Global interest in the trend for unconventional, modular housing is growing and set to rocket in the future
The fixation with unconventional housing trends – whether it is decking out a bus or camper van for permanent living or following the tiny house movement – has caught the imagination of people throughout the world.
These homes and how they are designed are so intriguing that reality
television programmes and YouTube channels exploring them are raking in viewers.
Modular housing is also becoming “a thing”, even here in South Africa, where Dirk Coetser, director and architect at A4AC Architects, says the idea of living in such a home is becoming “more popular by the day”.
However, the number of inquiries so far outnumbers the actual investment in the houses.
“There is a lot of interest in these homes, but not yet many people willing to buy them. Since 2014 we have constructed and designed four. Most of these are in Gauteng as transport over a distance greater than 50km can be costly.”
All the modular homes built by the company are one-bedroom units, some with a small kitchenette and bathroom.
Designer and founder of Inizio Homes, Philip Nel, may only have built “a percentage” of the 180 to 200 modular homes he has designed over
the past decade, but those that are completed are now lived in “all over
The majority, he says, is in the Western Cape and Gauteng. These homes are custom-designed and built “from the ground up” to suit clients’ needs, but cognisance has to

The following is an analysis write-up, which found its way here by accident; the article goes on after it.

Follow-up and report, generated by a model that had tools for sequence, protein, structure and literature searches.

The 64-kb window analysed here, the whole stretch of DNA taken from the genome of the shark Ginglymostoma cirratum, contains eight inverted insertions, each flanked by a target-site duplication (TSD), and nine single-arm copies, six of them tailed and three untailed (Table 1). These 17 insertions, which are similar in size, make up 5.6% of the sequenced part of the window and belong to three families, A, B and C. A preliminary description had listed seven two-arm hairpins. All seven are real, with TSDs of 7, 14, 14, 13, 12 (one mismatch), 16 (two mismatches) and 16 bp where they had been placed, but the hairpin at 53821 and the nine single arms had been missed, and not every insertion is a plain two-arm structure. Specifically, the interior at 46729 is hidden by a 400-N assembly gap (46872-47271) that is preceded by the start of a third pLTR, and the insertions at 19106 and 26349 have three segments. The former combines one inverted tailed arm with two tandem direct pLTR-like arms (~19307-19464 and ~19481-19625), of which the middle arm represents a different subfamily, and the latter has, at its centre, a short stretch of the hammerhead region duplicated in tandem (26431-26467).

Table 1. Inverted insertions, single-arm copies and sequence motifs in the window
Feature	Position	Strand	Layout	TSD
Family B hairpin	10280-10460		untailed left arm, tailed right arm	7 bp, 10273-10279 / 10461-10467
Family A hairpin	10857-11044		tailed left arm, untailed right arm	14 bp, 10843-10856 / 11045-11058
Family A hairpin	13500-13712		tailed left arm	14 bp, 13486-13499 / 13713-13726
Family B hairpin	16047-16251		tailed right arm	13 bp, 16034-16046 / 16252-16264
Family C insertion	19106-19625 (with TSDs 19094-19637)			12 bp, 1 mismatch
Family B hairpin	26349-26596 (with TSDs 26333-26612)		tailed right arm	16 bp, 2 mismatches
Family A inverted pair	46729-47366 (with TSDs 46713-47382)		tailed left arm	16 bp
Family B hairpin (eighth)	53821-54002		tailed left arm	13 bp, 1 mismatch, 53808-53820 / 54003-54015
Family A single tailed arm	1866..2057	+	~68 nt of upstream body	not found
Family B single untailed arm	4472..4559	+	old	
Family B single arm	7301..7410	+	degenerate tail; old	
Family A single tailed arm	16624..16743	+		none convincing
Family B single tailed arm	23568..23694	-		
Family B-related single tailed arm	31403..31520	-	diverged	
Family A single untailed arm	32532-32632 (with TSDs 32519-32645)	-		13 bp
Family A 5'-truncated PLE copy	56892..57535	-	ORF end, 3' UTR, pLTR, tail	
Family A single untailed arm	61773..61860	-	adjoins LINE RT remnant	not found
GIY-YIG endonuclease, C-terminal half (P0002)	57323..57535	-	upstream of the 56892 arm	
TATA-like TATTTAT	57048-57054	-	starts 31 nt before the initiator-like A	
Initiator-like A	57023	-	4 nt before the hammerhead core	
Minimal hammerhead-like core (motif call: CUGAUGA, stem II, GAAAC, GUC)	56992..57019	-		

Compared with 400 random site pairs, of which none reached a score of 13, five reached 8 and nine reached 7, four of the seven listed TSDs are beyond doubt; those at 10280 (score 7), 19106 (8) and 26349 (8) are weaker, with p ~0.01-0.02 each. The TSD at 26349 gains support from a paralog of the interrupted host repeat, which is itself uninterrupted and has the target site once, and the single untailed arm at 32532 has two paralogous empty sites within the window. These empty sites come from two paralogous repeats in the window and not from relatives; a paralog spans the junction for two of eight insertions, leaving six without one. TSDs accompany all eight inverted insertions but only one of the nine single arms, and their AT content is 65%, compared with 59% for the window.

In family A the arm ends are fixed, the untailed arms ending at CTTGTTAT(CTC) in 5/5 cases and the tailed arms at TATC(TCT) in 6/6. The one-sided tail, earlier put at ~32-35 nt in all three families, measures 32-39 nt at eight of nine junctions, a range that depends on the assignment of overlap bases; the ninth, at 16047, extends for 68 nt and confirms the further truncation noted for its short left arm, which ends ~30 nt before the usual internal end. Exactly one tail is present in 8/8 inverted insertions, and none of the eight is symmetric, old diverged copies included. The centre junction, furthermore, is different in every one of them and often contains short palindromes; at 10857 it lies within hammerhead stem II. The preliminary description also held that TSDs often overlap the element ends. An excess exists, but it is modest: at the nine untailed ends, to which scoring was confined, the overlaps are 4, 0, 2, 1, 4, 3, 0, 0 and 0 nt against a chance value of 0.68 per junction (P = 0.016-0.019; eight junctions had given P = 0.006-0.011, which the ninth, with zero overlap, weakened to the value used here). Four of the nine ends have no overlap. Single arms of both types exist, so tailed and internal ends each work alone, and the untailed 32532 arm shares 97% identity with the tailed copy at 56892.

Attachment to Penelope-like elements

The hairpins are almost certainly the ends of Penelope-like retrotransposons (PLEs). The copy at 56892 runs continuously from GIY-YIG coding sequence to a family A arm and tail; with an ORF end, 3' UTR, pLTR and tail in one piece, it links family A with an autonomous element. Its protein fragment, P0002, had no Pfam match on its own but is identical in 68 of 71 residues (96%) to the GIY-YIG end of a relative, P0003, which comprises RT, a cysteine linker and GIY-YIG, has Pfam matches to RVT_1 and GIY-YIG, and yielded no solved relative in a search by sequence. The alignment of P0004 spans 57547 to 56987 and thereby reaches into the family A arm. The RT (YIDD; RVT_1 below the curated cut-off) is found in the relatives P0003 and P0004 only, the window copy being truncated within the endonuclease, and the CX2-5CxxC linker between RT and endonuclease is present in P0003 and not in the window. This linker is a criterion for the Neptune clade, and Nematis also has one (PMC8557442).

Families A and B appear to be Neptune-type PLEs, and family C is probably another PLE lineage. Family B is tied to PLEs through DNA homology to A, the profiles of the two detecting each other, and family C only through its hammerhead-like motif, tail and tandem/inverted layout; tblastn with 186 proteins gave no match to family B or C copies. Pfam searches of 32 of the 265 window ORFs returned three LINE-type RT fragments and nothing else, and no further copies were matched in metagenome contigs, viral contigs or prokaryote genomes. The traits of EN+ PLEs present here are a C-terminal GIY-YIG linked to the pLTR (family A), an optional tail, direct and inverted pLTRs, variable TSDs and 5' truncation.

be taken of the site on which they are to be erected. There is, of course, no restriction in terms of area or location, and if a site is remote or has difficult conditions like bad soil or a steep gradient, he says it can make more sense than a traditional building.
While the number of modular homes in South Africa is relatively small, Alicia Kalil from Berman-Kalil Housing Concepts says compared to when the company started out four and a half years ago, the movement has gained traction.
In addition to having built more than 14 such homes, it has also completed conversions such as ablutions, medical facilities, classrooms, retail/ bar units and offices. The homes are situated throughout the country in areas that include Bot River, Fisherhaven, Pringle Bay, Betty’s Bay, Fish Hoek, Suurbraak, Redelinghuys, Grahamstown, Stellenbosch and Tzaneen, Kalil says.
Homes range in size from small bachelor units to those with four bedrooms and two bathrooms. The biggest challenge designers and architects of these homes face is
the price. Coetser says creating small modular structures that are compliant with regulations makes it “fairly expensive”.
“You can easily build a brick and mortar structure for the same price. But you cannot move that structure in the future, whereas a modular structure can be moved to a new location.”
The Mamelodi Pod, designed by the company, costs about R40 000, and container units range from R109 000 to R275 000. Delivery within the Gauteng area ranges from R5 000 to R15 000.
“The purchase price is the biggest expense,” Kalil says.